In the elections for the House of Representatives, voters essential pick Berlin’s state parliament, which is responsible for governing the city-state and creating its laws. Once again, voters in this election have two votes: one for a party at the state level and one for the direct candidate in the constituency. In order to enter the House of Representatives, a party must receive at least five per cent of the electoral votes.
This year, Berlin mayor Michael Müller (SPD) will be stepping down in order to run as a candidate in the federal elections, rather than the regional ones. That means that the city will see at least one new face in the state parliament shortly after the elections.
In the local District Assembly elections, voters elect representatives to run the borough where they live. There are 12 boroughs in Berlin: Charlottenburg-Wilmersdorf, Friedrichshain-Kreuzberg, Lichtenberg, Marzahn-Hellersdorf, Mitte, Neukölln, Pankow, Reinickendorf, Spandau, Steglitz-Zehlendorf, Tempelhof-Schöneberg and Treptow-Köpenick.
The District Assembly takes care of local matters, such as green spaces and parks, school buildings, education centres and youth clubs. In these elections, voters only get a single vote, which is used to vote for the party they want to see in their District Assembly. Parties need at least three percent of the vote to be elected.
For the referendum, eligible voters will be asked to decide whether landlords with more than 3,000 flats will be taken into public hands in return for financial compensation – and a simple tick for ‘yes’ or ‘no’ will suffice. However, for the referendum to be passed, at least a quarter of eligible voters (which equates to around 617,000 Berliners) must vote yes, and the ‘yes’ vote must also win the majority of votes overall (i.e. more than 50 percent).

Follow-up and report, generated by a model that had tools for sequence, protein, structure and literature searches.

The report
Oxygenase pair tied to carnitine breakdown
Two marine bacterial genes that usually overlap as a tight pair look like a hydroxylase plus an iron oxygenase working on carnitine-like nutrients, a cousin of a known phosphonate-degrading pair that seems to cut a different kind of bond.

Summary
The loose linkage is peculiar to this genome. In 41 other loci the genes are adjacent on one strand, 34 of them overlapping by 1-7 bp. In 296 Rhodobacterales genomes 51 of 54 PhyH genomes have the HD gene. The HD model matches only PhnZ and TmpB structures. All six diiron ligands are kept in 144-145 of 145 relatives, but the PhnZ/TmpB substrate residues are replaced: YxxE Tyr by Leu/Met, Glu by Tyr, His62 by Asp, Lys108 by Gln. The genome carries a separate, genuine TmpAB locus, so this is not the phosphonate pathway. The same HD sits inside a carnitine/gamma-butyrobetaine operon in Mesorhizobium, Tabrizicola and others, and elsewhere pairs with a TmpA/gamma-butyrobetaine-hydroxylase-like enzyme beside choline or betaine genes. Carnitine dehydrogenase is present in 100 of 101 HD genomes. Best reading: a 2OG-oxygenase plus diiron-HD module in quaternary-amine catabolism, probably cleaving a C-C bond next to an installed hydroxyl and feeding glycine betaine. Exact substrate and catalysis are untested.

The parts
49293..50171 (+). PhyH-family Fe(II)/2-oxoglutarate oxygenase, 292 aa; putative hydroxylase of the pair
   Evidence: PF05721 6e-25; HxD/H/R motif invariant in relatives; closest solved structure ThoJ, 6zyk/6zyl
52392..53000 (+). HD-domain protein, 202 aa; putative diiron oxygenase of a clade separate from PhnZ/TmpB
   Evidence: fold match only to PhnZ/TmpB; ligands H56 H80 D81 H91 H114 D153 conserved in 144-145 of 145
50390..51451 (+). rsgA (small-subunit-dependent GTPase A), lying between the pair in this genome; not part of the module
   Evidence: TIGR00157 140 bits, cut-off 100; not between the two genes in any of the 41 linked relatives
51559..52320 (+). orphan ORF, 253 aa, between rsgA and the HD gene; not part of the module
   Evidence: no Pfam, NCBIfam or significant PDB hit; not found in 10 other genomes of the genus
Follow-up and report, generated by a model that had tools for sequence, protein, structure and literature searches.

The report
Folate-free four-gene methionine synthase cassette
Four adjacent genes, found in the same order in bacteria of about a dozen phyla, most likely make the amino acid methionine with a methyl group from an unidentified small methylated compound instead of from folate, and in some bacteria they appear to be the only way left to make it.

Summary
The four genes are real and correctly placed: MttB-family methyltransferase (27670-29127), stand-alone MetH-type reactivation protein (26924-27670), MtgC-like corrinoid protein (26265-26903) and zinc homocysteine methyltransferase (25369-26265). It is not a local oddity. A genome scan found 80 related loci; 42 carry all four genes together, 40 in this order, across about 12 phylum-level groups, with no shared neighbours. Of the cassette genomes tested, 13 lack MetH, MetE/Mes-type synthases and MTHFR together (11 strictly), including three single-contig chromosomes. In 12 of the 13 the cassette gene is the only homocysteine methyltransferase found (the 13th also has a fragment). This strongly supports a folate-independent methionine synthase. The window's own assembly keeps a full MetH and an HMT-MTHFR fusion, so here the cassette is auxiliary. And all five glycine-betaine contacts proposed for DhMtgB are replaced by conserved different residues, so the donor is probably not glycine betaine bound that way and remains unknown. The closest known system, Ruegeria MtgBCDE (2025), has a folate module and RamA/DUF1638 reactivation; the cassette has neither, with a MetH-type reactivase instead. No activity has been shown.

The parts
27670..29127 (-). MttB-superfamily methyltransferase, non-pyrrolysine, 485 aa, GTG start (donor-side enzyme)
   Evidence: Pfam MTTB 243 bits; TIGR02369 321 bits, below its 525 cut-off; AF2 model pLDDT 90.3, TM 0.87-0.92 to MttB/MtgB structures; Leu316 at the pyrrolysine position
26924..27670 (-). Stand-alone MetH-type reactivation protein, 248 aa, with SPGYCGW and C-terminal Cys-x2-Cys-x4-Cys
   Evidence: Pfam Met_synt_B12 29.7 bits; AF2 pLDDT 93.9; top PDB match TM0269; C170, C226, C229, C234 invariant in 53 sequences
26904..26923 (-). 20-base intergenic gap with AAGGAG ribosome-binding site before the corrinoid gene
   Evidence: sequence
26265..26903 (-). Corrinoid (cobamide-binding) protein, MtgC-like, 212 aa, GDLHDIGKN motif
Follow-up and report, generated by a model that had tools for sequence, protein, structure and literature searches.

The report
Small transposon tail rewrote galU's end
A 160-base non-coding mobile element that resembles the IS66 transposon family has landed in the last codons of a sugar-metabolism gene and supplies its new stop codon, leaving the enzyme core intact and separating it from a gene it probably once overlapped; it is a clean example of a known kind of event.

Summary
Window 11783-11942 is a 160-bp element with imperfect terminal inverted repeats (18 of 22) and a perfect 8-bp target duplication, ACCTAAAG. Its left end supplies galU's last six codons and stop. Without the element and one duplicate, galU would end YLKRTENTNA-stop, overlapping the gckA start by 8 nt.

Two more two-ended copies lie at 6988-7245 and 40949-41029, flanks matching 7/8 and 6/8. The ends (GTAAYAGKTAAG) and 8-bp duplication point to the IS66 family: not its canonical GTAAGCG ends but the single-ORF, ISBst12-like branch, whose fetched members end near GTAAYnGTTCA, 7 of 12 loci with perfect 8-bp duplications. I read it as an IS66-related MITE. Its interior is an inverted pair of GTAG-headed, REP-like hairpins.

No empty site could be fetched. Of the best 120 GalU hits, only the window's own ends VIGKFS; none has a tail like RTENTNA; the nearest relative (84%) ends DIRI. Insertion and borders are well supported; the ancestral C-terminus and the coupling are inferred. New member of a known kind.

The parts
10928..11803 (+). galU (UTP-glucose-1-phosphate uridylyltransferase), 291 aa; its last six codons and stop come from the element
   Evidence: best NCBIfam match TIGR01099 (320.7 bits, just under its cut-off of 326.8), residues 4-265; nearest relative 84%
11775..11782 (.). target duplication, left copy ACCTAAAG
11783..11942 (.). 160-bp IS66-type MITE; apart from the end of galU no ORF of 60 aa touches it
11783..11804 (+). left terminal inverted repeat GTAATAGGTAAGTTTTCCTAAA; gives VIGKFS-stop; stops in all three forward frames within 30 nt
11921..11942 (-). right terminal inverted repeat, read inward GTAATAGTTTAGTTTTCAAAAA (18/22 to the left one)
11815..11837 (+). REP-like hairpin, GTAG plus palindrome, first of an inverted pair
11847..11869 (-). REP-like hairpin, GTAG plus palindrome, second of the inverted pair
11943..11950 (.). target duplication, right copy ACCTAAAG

Am 26. September werden wir Geschichte machen. https://t.co/lSXzhFZJDs
— Deutsche Wohnen & Co Enteignen (@dwenteignen) August 15, 2021
The Expropriate Deutsche Wohnen & Co. campaign tweets: “On September 26th, we’ll make history.”
If it clears both these hurdles, the campaign to expropriate the biggest Berlin landlords will face yet another one: convincing the newly elected House of Representatives to pass the law. While a successful referendum means that the city’s residents have called upon the government to implement the legislation, the final decision on the matter – and how to go about it – is ultimately up to the governing parliamentarians.